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Renting the space you need for your business can be nerve-wracking. Size and location are two of the main considerations. Cost is another concern, along with length of lease and landlord.
Location: Some businesses can be run out of your garage. Others benefit from a high traffic location. Still others are unique enough that your clients/customers will seek you out, no matter where you are located. And then there are those that only ship out to fill incoming orders.
Consider locating or expanding your sporting goods store in a farmer's country barn. A used car lot might benefit from being located on a busy thoroughfare, but a travel agency can attract people to a website in your home office. A frozen yogurt operation can do well on a small town's Main Street or in a mall, but a shop that machines widgets can be just about anywhere.
Two things are of major importance when considering location--your business plan for the future and pertinent zoning regulations. Is there a location impact in your plans? Is the neighborhood in transition--where is it headed? Are there plans afoot to raze the building in 3 or 5 years? Talking with a local real estate professional can provide some answers.
Size: Some business owners walk into a prospective space, make an intuitive guesstimate about the size, and sign on the dotted line. A much more prudent approach is to look to your business plan.
If you are opening a restaurant, what's the number of tables you need to generate the income you've projected in your business plan? What percentage of the tables will be filled? If you are performing accounting services for clients, how much space do you need as you hire additional employees?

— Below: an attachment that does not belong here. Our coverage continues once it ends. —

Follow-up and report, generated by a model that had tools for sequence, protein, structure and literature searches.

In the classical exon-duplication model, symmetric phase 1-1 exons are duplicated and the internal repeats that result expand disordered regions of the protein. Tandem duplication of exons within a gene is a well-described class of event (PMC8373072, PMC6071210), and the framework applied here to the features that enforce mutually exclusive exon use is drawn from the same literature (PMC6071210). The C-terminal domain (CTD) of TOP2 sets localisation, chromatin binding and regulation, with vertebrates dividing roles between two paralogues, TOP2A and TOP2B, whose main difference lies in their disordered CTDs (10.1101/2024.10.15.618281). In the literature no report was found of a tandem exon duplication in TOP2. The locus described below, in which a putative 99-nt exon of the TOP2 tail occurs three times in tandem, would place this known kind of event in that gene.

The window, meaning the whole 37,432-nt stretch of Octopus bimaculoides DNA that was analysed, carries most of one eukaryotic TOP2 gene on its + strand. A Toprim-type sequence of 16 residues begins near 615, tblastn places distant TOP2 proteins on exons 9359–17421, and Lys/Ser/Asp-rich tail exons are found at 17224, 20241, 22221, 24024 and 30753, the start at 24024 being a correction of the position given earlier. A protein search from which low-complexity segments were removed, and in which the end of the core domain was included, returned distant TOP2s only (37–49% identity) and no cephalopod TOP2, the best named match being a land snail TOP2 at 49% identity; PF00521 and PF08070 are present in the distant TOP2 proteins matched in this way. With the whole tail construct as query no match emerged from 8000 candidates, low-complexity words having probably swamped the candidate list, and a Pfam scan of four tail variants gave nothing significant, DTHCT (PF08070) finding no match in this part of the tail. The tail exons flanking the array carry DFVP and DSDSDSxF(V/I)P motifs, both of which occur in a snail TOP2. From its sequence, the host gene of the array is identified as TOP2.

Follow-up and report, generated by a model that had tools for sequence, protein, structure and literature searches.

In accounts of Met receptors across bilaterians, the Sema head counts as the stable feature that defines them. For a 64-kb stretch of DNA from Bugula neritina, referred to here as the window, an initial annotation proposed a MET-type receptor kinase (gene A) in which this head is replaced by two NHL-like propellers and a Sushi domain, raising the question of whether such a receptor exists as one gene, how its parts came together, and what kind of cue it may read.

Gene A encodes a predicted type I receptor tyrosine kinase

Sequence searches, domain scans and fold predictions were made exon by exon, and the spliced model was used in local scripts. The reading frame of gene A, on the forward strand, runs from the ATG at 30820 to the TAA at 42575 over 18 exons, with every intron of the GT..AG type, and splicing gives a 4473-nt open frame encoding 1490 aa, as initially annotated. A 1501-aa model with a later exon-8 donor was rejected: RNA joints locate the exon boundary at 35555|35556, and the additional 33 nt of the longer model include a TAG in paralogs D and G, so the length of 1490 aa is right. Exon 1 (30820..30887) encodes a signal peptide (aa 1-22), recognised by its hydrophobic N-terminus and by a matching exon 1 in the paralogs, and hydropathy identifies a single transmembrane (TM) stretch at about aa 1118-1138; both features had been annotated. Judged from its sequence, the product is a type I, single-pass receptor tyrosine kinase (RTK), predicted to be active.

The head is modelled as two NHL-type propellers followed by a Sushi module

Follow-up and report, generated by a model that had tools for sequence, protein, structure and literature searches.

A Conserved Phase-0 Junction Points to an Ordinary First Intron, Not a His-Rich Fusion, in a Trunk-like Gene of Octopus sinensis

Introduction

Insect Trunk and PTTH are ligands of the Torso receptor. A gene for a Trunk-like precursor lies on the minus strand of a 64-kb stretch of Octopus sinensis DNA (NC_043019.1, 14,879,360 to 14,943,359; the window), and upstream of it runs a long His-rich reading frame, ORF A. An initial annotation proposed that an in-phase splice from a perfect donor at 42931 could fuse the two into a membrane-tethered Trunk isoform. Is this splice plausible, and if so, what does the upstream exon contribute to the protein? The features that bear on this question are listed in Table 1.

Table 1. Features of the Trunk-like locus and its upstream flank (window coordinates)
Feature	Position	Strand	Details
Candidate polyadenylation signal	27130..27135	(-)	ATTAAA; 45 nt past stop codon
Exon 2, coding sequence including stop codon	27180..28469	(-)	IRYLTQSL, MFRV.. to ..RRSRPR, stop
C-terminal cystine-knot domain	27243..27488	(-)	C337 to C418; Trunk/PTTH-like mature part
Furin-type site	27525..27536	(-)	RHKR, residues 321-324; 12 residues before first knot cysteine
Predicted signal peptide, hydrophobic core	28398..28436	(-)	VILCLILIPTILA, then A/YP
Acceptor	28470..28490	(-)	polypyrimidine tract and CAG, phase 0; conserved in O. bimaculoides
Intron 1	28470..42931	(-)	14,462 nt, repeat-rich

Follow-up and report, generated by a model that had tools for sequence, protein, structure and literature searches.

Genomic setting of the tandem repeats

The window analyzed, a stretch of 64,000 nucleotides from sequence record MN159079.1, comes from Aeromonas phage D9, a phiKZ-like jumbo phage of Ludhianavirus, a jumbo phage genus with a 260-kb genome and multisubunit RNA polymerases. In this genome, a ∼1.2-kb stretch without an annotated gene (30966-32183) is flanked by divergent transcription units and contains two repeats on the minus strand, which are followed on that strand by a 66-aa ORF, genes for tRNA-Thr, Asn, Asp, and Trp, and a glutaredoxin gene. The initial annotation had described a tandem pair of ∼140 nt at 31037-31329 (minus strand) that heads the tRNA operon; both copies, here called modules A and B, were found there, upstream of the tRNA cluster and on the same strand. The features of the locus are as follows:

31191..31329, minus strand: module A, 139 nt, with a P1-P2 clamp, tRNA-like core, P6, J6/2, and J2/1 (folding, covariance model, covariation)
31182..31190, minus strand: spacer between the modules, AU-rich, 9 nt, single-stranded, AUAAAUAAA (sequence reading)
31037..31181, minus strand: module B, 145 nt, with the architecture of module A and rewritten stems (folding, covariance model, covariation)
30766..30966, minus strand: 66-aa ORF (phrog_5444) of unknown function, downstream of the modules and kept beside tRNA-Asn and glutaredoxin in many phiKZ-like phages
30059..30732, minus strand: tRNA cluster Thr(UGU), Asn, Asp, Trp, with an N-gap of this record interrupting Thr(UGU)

If you are a therapist or chiropractor planning to expand into a wellness center in the future, can this space accommodate those plans? Will you need open spaces? A big reception area? A series of offices? Will you be able to expand here or will you be searching again in 3 years?
Every business needs space in which to operate. Even a virtual business operated entirely on the Internet requires a place somewhere to operate--and I don't mean making calls and contacts over the Wi-Fi in the local cafe. Translate your current and future business plan into a floor plan that will accommodate today and tomorrow.
Elsewhere in this series, I have discussed how to negotiate with a landlord. Even if you work at home, you need to set aside space and pay yourself some rent--talk to your tax professional about how to do this so you don't run into problems later on.